“Steve. James. Jeffrey. Paranoid Android.”
From the back of the floor I had no idea what the names meant, but with these words, Thom Yorke introduced one of Radiohead’s biggest hits and the crowd roared. It was the second of two nights at the Prudential Center in New Jersey for the band and they did not take it easy as they went through a 23-song set, mixing it up a little bit from the previous night.
Newer songs, “Identikit” and “Supercollider”, sounded much more spacious with their synths in comparison to the dense sonics from most of the songs off of Kid A. The direction of these tracks might be a herald of the sound of any forthcoming albums or it might have just been a diversion while in the studio working on King of Limbs.
Visible on one of the drum kits and also attached to Yorke’s keyboard stand were Tibetan flags, which I interpreted as both a political statement and a silent tribute to Adam ‘MCA’ Yauch. Back in the late ‘90s, Radiohead participated in the Beastie Boys’ Tibetan Freedom Concerts and the activist spirit still remains strong in this band, whether it be for Tibet or other social causes like climate change. But politics were not the reason to attend, the band was. To make sure they were noticed, above their heads twelve projection screens repositioned themselves depending on the song, with each one (or really a pair) focusing on one of the six musicians on stage.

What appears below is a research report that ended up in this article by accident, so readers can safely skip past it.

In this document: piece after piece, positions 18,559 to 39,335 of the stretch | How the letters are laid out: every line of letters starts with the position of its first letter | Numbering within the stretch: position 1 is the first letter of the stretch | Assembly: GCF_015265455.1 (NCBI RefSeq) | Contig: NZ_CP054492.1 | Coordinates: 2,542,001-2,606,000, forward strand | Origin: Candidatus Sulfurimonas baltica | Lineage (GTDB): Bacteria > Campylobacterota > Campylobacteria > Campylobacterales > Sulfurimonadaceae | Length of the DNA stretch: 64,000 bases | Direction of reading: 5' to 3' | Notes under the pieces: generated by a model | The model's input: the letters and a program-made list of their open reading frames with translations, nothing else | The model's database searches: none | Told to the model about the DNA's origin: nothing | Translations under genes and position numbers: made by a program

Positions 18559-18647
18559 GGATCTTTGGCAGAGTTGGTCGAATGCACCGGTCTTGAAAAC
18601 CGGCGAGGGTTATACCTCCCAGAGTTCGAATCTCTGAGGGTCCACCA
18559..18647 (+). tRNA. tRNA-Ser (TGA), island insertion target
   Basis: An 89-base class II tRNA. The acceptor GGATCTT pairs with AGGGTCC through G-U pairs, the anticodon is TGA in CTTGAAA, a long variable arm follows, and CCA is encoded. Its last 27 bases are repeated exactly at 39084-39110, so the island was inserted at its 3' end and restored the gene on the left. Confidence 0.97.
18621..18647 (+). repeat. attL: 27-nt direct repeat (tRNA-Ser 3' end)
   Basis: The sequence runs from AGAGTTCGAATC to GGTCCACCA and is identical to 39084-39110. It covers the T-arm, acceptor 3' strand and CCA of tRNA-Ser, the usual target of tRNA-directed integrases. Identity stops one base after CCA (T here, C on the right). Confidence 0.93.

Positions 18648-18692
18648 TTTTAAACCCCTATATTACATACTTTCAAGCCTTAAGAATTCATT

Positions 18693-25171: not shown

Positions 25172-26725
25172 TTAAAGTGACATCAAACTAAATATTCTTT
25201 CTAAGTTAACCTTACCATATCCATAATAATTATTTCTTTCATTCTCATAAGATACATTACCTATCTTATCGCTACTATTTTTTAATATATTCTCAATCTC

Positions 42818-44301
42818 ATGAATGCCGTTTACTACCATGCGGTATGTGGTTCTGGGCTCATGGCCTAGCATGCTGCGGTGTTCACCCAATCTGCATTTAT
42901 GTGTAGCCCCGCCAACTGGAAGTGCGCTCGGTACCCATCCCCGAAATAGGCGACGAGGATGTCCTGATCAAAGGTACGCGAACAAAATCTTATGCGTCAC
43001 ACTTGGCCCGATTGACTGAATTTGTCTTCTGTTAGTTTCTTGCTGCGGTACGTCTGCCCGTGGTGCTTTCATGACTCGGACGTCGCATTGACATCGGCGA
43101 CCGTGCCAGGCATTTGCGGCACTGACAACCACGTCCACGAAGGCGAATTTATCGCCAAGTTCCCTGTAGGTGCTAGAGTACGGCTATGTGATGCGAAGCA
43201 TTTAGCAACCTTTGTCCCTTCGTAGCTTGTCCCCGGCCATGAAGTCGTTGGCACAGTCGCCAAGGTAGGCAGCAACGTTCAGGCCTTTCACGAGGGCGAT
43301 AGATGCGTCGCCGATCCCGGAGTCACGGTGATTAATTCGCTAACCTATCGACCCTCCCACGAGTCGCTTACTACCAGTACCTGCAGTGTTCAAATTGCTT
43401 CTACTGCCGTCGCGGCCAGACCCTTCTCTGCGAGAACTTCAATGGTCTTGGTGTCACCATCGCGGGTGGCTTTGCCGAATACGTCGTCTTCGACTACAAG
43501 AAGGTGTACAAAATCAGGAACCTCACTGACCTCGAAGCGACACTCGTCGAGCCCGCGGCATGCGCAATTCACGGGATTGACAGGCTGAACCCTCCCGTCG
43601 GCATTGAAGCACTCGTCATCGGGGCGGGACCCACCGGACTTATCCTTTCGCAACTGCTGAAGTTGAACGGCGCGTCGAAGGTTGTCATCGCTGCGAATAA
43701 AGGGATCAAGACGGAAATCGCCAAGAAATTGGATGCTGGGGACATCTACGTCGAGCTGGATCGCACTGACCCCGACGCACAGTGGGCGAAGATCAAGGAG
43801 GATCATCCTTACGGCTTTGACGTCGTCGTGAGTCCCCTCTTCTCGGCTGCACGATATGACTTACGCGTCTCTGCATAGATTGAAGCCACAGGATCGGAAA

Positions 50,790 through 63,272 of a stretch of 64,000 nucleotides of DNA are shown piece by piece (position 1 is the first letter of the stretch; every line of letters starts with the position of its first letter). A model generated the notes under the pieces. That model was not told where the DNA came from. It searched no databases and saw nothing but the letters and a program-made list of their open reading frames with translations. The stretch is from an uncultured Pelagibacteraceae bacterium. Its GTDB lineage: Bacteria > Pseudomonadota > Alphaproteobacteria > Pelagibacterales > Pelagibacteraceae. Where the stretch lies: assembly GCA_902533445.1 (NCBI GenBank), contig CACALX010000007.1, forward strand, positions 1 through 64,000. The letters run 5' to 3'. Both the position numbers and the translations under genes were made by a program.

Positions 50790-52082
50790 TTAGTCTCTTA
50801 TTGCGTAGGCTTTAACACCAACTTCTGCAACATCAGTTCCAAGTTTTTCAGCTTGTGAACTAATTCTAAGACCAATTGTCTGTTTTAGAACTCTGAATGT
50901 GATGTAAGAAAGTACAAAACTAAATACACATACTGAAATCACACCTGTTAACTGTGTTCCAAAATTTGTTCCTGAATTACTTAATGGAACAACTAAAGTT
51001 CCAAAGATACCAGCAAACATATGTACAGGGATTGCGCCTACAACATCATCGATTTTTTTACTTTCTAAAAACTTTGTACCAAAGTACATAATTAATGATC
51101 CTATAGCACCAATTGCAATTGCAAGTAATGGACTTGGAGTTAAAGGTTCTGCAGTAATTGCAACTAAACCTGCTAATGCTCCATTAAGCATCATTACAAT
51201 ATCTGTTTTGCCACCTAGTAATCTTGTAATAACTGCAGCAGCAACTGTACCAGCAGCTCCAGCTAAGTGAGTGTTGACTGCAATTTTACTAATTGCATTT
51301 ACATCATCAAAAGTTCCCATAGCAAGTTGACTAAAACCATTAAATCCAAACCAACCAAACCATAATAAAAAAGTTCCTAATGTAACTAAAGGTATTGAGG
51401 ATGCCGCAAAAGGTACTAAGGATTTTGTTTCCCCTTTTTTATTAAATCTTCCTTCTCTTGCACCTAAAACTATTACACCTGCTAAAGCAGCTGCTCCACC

But finally the show came to an end and Radiohead closed out with “Everything in its Right Place” with an additional abbreviated intro of R.E.M.‘s “The One I Love”—as they had done at Roseland several months prior.
The Daily Mail
Morning Mr. Magpie
The National Anthem
How to Disappear Completely
Go to Sleep
Give Up the Ghost
The One I Love/Everything In Its Right Place
// Sound Affects
"Sharon Jones and Woodie Guthrie knew: great songs belong to everybody.READ the article